Landlords, tenants, landowners – check your key dates in your property contracts

Published on
4 min read

Although some sectors have already been hit particularly hard, there are many property issues relating to Covid-19 that do not discriminate. No matter what interest you hold in a property or properties, if you have any important dates coming up within the next 6 months then you should be looking at these now.

Property owners and their professional advisers are still adapting to the new landscape and the ‘occasional’ vagaries of working from home. Public bodies are redeploying their resources to critical functions. Construction companies are considering whether to down tools.

These will no doubt have an impact on obligations and deadlines within existing leases and residential and commercial property contracts.

What could be affected?

Whilst it is impossible to produce an exhaustive list, some of the key provisions which could be affected include:

  • Break dates in leases
  • Contracting out documentation for business leases
  • Lease termination dates
  • Rent review notices
  • Completion dates and notices to complete
  • Trigger dates in development or collaboration agreements

Some of these dates may be affected or even become impossible to achieve through no fault of either party. Take, for example, a development agreement which is conditional on planning permission being granted within a certain timeframe. If planning officers in local authorities are re-deployed to other departments, the prospects of obtaining planning permission within what had seemed a reasonable timeframe become unattainable. The same applies if construction has to commence by a certain date and builders cannot access site due to safety restrictions.

You must comply with your contract

Whilst the Coronavirus Bill places restrictions on some acts relating to property contracts, most have been untouched. The usual “contract is king” mantra applies. By this, we mean that you must comply with deadlines and obligations inserted into contracts or risk being in breach, leaving yourself open to claims for damages, costs or even termination of the contract.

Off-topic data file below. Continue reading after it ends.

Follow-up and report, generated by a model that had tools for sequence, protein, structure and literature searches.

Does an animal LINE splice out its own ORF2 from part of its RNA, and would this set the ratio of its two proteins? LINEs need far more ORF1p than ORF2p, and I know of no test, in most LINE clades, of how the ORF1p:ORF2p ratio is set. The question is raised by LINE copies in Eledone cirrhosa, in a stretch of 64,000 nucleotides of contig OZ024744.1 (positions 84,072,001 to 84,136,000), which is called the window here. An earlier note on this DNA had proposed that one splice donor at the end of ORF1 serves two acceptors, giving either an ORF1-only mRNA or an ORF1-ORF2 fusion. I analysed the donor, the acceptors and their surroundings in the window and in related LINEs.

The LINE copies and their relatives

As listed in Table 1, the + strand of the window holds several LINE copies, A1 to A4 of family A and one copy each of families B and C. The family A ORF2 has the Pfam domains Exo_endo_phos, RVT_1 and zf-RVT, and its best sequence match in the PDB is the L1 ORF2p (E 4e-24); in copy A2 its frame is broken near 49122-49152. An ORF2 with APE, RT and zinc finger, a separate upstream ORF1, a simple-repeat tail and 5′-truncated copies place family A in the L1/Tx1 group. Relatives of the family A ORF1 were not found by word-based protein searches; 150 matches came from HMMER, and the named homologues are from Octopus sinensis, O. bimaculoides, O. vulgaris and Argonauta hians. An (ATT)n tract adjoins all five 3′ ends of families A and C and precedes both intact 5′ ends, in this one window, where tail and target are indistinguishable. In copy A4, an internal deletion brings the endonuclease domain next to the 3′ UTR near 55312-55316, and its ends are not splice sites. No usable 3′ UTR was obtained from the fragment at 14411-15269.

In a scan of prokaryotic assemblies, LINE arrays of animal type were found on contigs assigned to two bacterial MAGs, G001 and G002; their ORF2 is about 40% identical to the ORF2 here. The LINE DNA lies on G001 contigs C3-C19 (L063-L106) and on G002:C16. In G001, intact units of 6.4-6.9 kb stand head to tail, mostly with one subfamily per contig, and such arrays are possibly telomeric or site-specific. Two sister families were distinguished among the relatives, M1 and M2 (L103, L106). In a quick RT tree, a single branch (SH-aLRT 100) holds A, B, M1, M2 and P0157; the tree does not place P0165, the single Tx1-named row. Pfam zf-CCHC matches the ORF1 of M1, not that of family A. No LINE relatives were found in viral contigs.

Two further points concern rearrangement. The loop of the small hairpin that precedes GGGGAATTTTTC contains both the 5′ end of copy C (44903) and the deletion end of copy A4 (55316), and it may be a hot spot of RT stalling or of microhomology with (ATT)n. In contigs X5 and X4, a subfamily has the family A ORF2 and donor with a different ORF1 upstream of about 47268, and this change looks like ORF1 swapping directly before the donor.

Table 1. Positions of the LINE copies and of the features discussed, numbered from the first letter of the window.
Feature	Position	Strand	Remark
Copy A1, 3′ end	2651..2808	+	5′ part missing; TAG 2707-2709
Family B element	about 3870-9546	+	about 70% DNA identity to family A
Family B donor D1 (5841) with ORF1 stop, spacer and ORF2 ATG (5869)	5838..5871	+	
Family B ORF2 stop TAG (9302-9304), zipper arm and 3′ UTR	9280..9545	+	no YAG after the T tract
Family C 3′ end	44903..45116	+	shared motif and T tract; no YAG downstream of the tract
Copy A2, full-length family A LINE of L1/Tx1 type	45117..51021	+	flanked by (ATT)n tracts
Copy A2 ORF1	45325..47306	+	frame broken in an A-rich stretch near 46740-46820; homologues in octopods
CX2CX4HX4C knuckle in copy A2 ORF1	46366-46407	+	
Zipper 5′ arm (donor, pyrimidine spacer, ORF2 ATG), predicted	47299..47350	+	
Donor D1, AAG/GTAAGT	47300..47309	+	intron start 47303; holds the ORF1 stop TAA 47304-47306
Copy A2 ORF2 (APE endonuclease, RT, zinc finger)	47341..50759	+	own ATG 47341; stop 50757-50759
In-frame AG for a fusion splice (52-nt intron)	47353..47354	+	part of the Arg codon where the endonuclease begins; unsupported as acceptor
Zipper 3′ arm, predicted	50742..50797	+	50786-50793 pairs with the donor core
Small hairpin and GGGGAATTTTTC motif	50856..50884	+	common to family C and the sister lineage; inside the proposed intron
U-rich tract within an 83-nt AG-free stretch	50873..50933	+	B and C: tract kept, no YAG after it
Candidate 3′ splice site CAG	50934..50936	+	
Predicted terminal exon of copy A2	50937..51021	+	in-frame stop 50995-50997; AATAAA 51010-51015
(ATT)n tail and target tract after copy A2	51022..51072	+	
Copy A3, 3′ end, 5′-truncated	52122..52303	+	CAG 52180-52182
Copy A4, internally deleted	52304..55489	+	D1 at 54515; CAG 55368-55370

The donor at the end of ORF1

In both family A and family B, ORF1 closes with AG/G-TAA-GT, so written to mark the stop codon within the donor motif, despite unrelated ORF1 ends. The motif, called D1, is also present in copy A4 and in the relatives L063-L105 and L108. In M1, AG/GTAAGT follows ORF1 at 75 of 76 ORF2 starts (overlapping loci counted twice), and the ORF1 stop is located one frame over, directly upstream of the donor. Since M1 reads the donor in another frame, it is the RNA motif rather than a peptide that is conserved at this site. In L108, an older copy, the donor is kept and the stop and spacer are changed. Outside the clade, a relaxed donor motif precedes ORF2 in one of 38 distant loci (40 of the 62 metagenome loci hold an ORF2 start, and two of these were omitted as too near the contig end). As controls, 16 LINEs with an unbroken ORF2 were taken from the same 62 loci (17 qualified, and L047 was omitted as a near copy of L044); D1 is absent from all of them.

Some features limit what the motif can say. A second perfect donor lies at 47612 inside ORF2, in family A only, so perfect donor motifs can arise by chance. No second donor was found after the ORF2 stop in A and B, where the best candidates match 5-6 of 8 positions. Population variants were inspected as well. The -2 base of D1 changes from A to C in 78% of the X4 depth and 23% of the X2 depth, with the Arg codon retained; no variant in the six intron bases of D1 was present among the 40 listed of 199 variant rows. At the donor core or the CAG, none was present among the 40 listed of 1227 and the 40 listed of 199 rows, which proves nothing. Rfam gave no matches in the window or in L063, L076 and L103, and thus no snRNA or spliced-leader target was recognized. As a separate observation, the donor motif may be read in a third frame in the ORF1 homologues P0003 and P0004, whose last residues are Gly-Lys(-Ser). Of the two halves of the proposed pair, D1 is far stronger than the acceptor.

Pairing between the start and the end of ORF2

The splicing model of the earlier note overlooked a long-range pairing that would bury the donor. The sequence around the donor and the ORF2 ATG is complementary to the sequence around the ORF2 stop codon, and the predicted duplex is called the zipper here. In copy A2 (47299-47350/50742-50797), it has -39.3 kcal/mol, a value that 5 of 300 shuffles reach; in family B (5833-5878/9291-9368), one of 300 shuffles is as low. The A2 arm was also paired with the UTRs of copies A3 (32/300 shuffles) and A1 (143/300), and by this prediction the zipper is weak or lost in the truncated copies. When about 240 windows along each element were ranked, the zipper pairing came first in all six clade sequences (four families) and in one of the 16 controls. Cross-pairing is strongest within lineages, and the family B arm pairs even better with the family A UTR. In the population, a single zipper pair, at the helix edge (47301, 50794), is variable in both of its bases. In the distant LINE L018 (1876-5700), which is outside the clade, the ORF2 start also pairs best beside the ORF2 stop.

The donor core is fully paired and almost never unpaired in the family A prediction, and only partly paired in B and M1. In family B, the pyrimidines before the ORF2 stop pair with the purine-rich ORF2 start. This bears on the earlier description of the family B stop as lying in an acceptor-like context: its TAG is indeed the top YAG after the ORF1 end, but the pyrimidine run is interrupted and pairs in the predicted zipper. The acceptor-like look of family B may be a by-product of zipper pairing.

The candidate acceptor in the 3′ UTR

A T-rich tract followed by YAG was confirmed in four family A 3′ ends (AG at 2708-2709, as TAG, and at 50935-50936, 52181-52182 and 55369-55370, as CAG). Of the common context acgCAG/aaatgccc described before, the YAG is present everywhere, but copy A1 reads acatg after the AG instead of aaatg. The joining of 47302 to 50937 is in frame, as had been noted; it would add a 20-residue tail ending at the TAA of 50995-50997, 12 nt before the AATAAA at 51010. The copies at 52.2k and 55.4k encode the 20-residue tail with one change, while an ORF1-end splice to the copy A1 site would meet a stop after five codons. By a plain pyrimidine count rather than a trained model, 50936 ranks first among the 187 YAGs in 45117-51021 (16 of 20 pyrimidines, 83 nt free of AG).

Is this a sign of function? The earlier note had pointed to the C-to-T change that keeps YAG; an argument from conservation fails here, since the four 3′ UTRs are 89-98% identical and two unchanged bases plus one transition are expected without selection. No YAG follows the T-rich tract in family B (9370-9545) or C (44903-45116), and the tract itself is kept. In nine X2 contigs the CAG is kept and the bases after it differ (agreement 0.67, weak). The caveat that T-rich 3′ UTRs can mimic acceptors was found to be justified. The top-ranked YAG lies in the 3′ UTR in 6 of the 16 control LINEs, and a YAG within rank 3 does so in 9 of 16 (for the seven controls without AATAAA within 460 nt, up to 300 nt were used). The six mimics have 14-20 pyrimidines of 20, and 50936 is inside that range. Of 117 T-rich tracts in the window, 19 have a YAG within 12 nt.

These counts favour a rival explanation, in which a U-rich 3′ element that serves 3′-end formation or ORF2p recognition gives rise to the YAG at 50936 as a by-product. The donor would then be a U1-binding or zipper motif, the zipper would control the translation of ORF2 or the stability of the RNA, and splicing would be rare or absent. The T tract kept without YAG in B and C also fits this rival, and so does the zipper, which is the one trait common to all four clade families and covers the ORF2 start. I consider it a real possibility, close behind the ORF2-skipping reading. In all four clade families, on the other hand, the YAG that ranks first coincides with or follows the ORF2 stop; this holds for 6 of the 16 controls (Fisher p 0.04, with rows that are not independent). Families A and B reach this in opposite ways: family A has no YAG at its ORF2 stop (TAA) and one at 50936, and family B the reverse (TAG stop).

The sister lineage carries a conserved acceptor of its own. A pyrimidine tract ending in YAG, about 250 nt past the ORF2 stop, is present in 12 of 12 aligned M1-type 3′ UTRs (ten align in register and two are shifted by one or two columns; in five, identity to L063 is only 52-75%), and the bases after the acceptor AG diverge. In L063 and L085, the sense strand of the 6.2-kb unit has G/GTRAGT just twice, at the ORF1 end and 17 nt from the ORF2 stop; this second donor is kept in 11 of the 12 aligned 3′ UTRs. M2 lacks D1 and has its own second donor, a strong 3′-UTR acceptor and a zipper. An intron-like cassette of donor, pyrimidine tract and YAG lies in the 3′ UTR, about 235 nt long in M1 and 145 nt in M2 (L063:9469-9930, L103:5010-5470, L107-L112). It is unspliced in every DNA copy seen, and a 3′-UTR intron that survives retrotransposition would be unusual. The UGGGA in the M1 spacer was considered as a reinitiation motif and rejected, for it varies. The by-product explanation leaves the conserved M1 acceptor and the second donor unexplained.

Whilst we expect the majority of property owners to co-operate during these uncertain times in order to keep the economy as stable as possible and preserve the viability of businesses, there is the prospect that parties will not agree extensions or variations in all instances. Without further Government intervention, which may be necessary if the UK construction industry comes to a halt and/or all planning applications are suspended, the parties need to know what their options are.

Without the co-operation of all parties, the legal avenues available are often limited. We have advised clients regarding the correction or rectification of contracts, but most contracts contain prescribed dates whereby certain actions have to occur, so appear clear and immune to attack. We have also advised on frustration, where Covid-19 may be seen as an unforeseen, supervening event which discharges the parties from their obligations. However, most parties do not want their contracts to be discharged in their entirety, they merely wish for extensions of time or temporary relaxations. Although we have already seen, in contracts exchanged this month, the insertion of a Covid-19 or pandemic clause, the chances of a lease or property contract having a clause which deals effectively with this pandemic are slim. 

What should you do?

Consider two main actions above all others:

  • Co-operate with the other party to the contract

This sounds simple, but the most effective way that property owners can work through the issues that the whole of the real estate market is experiencing is by being collaborative. This means working together to identify provisions within contracts which should be varied or discharged and then getting this agreement formalised promptly. It also means simple steps like agreeing to accept notices by email or agreeing not to take advantage of any insubstantial missed dates which have occurred through no fault of either party. Whilst the Government intervention has not covered all bases from a real estate perspective, if a party has made all efforts to fulfil the terms of a contract but has been unable to comply because of this unprecedented pandemic, then we would hope that a Court would take a sympathetic approach if ever a dispute arose.

  • Think about timing

The earlier you identify and seek to deal with the key dates and the key provisions which are imminent, the better. It makes dialogue with the other party easier. It shows that you have been proactive in dealing with this situation. It gives parties a longer time to negotiate and agree necessary variations. It means you will have more time to take steps in order to comply, if possible. It gives you more time to contact third parties who may be affected. It also ensures that notices and the like can be sent in good time.

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